Stamp duty for cars explained
When you go to buy a new or used car, you will have to pay stamp duty. But what...
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There are many benefits of buying a car from a licensed dealership – warranties, trade-in, guaranteed title, expert advice, after-sales service, detailing and convenience to name a few. While the pros certainly outweigh the cons, we’re all too familiar with the ‘dodgy dealer’ stereotype. Look out for these tactics (or tricks) when dealing with dealers.
If you’re relying on the dealership for finance, a fairly common (and unethical) practice is to close the sale of a car before the financing process is complete. In some cases you’re allowed to drive your new pride and joy home, only to get a call the next week to hear the financing has fallen through. This is the perfect time for the dealer to step in with a solution - a new financing option, at a much higher interest rate. At the very least, do not get in the driver’s seat until all financing has been finalised.
Bait and switch
This is one of the oldest tricks in the book. Dealers will advertise a specific model at an surprisingly low price to get you to the dealership. When you arrive to inspect the car you’ll find that it has ‘just’ been sold. ‘Lucky’ for you, the dealer has a whole range of options that are much better, anyway (and likely much more expensive).
Unfortunately there’s not a whole lot you can do about this. It may help to email the dealer and get confirmation the car is still available in writing, but really it’s no guarantee you won’t be given the same ‘just sold’ story others get. The best response is to recognise this play for what it is and take your business somewhere more transparent.
Monthly payment focus
Most dealers like to get you thinking in terms of monthly payments, rather than total costs. It can make the unaffordable seem within reach. But some dealers will take it to a dishonest degree.
An old-school tactic for guiding your attention towards monthly payments is the ‘foursquare sheet’. This is simply a piece of paper divided into four: one for the new car purchase price, one for the down payment, one for the monthly payment and one for the trade-in price of your car.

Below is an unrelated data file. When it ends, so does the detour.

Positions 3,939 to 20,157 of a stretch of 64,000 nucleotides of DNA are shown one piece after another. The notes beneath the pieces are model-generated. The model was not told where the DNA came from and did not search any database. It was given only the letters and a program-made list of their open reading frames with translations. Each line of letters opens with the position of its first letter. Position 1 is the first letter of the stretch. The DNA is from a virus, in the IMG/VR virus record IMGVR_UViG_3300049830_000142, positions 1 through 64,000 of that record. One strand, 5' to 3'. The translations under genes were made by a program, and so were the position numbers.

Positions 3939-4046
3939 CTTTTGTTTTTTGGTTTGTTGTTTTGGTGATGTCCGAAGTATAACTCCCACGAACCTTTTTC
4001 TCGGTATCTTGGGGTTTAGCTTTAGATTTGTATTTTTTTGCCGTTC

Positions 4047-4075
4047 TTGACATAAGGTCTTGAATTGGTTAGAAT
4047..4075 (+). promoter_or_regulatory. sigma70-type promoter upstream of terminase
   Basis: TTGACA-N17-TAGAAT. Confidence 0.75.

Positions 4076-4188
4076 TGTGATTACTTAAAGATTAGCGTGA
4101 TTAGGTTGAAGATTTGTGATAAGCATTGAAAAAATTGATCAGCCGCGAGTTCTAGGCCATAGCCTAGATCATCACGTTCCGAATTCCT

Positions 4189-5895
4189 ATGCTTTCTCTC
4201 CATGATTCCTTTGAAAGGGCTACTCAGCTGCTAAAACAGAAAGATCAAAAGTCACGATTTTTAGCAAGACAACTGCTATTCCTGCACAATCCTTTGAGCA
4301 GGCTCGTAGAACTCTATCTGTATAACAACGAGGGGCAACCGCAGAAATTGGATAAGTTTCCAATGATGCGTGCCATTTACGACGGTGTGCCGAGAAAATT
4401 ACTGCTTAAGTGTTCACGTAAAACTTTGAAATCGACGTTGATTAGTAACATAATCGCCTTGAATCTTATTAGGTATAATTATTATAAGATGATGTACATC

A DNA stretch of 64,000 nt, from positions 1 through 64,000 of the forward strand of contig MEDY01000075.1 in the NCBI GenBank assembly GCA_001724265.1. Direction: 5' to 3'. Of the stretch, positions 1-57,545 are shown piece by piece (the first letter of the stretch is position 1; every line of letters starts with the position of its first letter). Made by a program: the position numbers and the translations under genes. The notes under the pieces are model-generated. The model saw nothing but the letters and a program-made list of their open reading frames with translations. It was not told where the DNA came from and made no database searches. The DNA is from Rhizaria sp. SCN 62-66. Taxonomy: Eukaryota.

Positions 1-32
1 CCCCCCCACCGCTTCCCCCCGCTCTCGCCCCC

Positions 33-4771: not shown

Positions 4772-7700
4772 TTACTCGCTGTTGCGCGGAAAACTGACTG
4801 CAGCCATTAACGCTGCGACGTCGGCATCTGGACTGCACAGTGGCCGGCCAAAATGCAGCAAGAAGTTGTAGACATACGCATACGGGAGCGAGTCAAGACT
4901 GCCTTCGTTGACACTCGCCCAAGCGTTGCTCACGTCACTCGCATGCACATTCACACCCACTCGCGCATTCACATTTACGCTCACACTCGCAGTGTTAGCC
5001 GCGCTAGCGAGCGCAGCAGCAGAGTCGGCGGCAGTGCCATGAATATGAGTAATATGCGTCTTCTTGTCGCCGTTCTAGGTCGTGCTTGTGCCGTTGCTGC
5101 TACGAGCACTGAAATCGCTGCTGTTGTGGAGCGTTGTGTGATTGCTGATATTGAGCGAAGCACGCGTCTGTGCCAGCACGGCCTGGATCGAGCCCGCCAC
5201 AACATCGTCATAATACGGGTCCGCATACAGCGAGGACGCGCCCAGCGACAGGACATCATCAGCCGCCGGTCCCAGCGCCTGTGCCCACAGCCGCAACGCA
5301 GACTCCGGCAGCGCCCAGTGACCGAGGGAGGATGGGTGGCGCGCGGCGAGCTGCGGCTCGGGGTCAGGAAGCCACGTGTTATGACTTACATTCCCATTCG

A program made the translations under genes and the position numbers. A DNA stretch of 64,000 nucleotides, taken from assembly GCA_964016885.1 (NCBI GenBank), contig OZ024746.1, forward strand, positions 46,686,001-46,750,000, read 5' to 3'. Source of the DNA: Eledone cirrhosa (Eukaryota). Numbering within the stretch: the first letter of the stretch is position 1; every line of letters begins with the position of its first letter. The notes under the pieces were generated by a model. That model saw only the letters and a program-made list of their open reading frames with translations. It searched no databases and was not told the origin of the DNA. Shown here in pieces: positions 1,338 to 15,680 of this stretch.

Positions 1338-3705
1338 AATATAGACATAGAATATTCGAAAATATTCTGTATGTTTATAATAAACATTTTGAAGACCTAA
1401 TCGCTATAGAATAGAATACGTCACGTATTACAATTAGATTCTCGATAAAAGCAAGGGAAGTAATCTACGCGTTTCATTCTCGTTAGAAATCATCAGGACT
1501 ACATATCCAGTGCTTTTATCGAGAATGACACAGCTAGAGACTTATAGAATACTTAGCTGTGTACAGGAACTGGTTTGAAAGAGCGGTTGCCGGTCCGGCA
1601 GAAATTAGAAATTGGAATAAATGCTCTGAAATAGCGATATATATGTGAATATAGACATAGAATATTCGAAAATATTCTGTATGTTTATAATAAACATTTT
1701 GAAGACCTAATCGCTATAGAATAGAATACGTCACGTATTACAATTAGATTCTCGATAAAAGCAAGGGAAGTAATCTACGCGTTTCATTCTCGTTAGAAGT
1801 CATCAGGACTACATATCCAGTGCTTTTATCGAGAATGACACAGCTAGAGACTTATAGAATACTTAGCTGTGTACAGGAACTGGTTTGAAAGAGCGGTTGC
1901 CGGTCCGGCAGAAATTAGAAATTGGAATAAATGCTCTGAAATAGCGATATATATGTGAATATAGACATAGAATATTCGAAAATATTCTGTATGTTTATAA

Usually, with this sheet of paper comes some rapid-fire calculations and explanations, and a whole lot of extra costs will be shuffled into your purchase price -- all the while, keeping your eye locked firmly on the monthly repayment.
Something that works well for dealers is leveraging whatever discount they offer you directly off the value of your trade-in. You get a great price on the new car, but get a lot less than expected for your old car. Or vice-versa. You’re offered a great price on your old car, but pay sticker price on the new car.
It can be difficult to keep track of, but if you’ve done your research and know the approximate value of the car you’re trading in, as well as a reasonable price you’re willing to pay for the new car. It’s basic maths but in the excitement of car shopping simple concepts can seem confusing.
Take the new car price, and subtract the trade-in amount. The number you get is your changeover cost (new car price - trade-in price = changeover cost). Be sure this is all you end up paying.
Now’s the time to buy! Only for today! Another buyer has gone to organise their deposit and will be back soon!
Creating a false sense of urgency is another old trick from the salesman’s handbook. If a deal is good now, it will most likely be good in three hours, or twelve hours. Don’t buy into this attempt to force your hand. Take your time, get your quotes matched at other dealers, and assess your options with a cool head.
All the extras you’ll never need
Paint protection, fabric protection, rust-proofing, floor mats, cargo trays, scuff plates, hands-free Bluetooth, reverse camera, parking sensors - the list of extras dealers will offer is endless. Don’t get roped in to paying the inflated prices and nudging up your finance by buying from your dealer. You can pick up an equivalent accessory at your local warehouse or automotive super store.
Often popular models require a wait. It could be months before the new stock hits our shores and dealers inventory is replenished.
If this is an issue for a few dealers, it will be an issue across the board, but occasionally you’ll find one who tells you they already ordered it, a few months back and it will arrive in a week or two. They’ll say ‘it’s yours if you pay the deposit’.
So, you’ll give him the deposit. A week later they’ll tell you the delivery has been delayed, and it won’t arrive for another 8 weeks or so... around the same time those other dealers were getting theirs in.
Demo models: New or used?
Demonstration models will only have a few thousand kilometres on them, but don’t be fooled: they’re used cars. In some cases, they’re already part of the way through their warranty period. Don’t pay full price for these. They should be priced more closely to used cars than new ones.